3. Since that time, Evernote has done a complete redesign of their Service and data center.
    (If you want more information about that, see the Evernote Ops Blog)
  4. Even if that blog had relevance, the loss affected ONLY "a small group of users (less than one-fifth of 1 percent)"

While I have seen a few users from time to time report a loss of data, I have never seen anyone claim it was due to hardware failure of the EN Cloud.  Personally, I have never lost any of my Evernote data due to fault of Evernote, for any reason.

If anyone is interested in a more complete picture, then you may want to read Evernote's response to the incident:
Evernote"s July 1st Server Problem -- Posted by Phil Libin on 09 Aug 2010

 

 

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Ransomware is another kind of malware that encrypts your files, making them inaccessible. This kind of malware also locks your computer screen and hence users are not able to access their PC. The attackers then demand ransom to unlock the files.

In such case users looks to recover their files, if you have kept backup of your files somewhere else such in another Hard drive or in any Cloud storage services then you can restore from there. To know more, here find out - How to Stop Ransomware To Lock Your PC?

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As far as I understand the way Evernote works, its main vulnerability to ransomware is the local cached files it keeps on the PC where it is installed, which ransomware could possibly encrypt and a sync could corrupt the data in the Evernote cloud. If used strictly as a cloud service, especially with 2 factor authentication, I believe that a local attack of ransomeware on a PC can't touch the Evernote data in the cloud. This is contrary to the way cloud file storage services work, which the ransomware can see as a local folder and the contagion it creates gets automatically uploaded to the cloud and back down to all other connected devices.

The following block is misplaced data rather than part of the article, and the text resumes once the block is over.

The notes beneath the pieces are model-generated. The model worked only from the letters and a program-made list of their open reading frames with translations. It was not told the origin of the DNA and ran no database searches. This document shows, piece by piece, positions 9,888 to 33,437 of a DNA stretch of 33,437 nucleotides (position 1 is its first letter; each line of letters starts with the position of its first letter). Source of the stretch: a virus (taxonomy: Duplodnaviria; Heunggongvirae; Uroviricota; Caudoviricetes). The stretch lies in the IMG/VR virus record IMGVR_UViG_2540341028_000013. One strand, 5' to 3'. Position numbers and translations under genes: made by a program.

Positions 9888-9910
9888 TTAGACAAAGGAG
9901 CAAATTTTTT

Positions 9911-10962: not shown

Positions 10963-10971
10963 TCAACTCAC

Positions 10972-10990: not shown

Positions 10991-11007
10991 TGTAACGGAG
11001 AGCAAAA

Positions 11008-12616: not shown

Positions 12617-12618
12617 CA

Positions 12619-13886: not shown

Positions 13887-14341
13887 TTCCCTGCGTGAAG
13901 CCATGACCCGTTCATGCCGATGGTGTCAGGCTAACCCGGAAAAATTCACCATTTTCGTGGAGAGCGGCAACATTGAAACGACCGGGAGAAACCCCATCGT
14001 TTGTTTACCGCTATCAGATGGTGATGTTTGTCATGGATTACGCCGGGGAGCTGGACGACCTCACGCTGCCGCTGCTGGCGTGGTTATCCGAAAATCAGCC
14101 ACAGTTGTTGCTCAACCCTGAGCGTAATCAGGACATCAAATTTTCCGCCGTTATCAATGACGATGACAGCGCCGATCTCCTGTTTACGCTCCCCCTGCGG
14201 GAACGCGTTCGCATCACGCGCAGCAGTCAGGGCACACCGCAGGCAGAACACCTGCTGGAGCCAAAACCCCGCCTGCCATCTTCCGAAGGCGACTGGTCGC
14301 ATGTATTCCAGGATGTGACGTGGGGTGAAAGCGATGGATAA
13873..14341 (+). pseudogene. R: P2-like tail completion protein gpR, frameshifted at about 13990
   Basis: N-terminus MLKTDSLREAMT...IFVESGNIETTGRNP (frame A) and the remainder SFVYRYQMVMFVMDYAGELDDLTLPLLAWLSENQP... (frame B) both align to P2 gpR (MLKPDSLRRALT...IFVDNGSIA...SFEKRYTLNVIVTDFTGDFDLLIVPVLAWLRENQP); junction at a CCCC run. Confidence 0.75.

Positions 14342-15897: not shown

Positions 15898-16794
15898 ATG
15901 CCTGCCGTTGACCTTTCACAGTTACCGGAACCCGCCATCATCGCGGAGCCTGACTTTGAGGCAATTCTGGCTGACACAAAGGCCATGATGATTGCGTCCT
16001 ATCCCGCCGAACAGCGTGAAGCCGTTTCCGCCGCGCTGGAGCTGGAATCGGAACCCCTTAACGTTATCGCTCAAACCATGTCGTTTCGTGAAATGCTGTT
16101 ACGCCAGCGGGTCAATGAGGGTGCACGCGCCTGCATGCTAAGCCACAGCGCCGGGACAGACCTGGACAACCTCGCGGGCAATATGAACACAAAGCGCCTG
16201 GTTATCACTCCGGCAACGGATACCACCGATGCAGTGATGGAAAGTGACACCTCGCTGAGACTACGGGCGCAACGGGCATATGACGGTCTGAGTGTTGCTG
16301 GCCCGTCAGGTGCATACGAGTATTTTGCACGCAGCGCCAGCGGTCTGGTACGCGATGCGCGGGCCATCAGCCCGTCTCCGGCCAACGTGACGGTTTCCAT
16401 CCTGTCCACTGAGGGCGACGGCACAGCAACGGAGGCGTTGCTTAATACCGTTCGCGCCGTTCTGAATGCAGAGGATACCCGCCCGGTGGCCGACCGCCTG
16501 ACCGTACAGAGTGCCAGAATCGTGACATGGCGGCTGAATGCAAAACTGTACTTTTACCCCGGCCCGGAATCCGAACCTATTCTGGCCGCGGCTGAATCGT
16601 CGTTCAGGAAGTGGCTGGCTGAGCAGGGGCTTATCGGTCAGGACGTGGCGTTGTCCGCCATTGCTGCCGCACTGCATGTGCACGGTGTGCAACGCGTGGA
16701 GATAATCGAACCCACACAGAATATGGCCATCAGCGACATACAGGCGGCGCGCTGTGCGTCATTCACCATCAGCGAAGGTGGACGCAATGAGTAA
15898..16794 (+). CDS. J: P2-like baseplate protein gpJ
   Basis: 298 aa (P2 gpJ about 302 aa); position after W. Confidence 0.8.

A possible way Evernote can deal with the threat of ransomware is to offer a "non-cached" mode of operation. Maybe such a thing already exists and I would be grateful to be told about it. Basically, in this mode of operation the responsiveness of Evernote would be totally entrusted to the speed the user's network link. As bandwidth is constantly increasing, it should be less of a problem going forward. Every item the user touches would be dowloaded on the fly. If modified, it would be synced there and then. If unmodified, it would immediately be deleted from the local cache (with an optional automatic shred option).

Since the data stored in Evernote is only accessible via the Evernote application and not as files in a local cloud service folder, it would have to be pretty clever ransomware to operate the app, touch, dowload, encrypt and re-sync every note - basically a non-option.